Banks seem to be weathering the post-Brexit storm, at least in terms of credit.

TheStreet's founder Jim Cramer said the bonds of European banks have been "trading unchanged" throughout the Brexit vote, which could mean that they are in better shape than the falling sock prices would leave investors to believe. This indicates that investors are more confident that the banks can withstand the crisis induced by the U.K.'s decision to leave the European Union.

"The capital situation is not nearly as dire as the common stocks would indicate, which is one of the reasons why I was not as negative as everybody else on Brexit, because I looked at the fixed income side," Cramer said. "The fixed income side is not that bad."

That confidence is shared with Christopher Baker of Morningstar, who wrote that he does not see Brexit causing a long term financial crisis. "We see the U.K. banks as strongly capitalized, with highly liquid, well-funded balance sheets," he wrote.

The European bond market has also awoken. On Wednesday morning, Molson Coors Brewing (TAP) - Get Report announced it would sell euro-denominated bonds. This would be Europe's first corporate debt offering since the volatility hit world markets late last week.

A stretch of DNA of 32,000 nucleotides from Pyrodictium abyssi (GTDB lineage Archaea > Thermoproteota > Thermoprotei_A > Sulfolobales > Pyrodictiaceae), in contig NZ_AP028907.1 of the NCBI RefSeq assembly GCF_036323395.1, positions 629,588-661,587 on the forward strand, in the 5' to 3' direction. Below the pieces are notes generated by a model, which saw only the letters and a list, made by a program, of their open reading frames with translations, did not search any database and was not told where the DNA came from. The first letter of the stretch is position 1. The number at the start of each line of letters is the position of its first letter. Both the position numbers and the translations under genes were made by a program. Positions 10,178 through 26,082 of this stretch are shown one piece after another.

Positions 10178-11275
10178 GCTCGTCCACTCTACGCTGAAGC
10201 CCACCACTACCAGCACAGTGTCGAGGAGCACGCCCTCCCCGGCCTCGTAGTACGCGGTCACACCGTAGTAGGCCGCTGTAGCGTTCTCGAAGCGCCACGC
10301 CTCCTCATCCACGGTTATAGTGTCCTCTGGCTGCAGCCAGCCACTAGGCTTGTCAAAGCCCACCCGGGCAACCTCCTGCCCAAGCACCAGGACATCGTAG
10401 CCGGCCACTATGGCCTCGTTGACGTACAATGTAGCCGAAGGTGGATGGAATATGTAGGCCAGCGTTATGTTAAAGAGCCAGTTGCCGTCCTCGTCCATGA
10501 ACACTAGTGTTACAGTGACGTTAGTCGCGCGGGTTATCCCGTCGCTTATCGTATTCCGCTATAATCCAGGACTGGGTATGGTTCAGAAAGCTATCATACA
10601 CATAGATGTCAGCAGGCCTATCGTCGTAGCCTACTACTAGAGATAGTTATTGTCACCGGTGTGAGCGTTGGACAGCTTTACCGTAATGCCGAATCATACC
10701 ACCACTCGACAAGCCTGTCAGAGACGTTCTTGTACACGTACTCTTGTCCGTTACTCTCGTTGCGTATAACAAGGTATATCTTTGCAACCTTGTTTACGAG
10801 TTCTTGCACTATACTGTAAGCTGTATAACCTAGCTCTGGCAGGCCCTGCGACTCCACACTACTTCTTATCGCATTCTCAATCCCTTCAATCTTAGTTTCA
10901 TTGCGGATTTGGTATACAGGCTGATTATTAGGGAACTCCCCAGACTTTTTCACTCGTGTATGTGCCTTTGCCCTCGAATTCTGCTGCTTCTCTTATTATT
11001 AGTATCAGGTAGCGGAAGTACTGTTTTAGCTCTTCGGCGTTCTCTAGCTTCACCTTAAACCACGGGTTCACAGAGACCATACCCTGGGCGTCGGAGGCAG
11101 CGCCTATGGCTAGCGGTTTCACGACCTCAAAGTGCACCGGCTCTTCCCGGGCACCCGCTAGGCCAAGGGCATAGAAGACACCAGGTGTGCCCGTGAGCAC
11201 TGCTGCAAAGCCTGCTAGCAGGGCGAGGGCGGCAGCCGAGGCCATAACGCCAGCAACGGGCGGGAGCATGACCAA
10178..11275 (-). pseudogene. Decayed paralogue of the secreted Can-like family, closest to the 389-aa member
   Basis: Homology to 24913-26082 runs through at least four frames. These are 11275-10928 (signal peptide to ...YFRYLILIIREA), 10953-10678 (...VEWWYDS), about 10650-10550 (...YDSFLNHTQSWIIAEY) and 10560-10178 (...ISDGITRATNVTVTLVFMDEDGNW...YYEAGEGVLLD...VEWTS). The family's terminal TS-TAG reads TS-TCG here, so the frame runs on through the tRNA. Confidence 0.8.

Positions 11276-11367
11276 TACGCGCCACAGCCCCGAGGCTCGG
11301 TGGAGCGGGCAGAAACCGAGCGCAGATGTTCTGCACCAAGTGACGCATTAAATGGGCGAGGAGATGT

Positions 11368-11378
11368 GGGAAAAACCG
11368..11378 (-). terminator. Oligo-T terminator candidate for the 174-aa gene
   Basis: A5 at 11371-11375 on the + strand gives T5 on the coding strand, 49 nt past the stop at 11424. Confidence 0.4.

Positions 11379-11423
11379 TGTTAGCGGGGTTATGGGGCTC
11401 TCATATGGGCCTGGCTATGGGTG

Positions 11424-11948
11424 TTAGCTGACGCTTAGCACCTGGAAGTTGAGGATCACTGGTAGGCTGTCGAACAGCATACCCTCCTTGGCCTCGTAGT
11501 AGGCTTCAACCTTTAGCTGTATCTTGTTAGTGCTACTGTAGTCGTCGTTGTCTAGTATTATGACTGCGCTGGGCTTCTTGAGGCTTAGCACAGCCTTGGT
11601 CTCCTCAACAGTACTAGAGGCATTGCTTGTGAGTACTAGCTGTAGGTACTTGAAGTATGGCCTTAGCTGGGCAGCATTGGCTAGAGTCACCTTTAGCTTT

While fixed income may not be taking a hit, stock prices plummeted in the days following Brexit, with European financials hit especially hard. 

Barclays (BCS) - Get Report stock fell almost 32% since June 23, though it was trading up 4.45% in midday trading Wednesday.

RBS (RBS) - Get Report rose 2.08% to $4.95 in midday trading on Wednesday. The stock had tumbled more than 8% in the two trading sessions following the U.K's decision to leave the EU and on Monday alone it fell more than 13% after the British government announced that it would abandon plans to sell its stake in the bank.

RBS and Barclay's temporarily suspended trading on Monday due to heavy trading volume.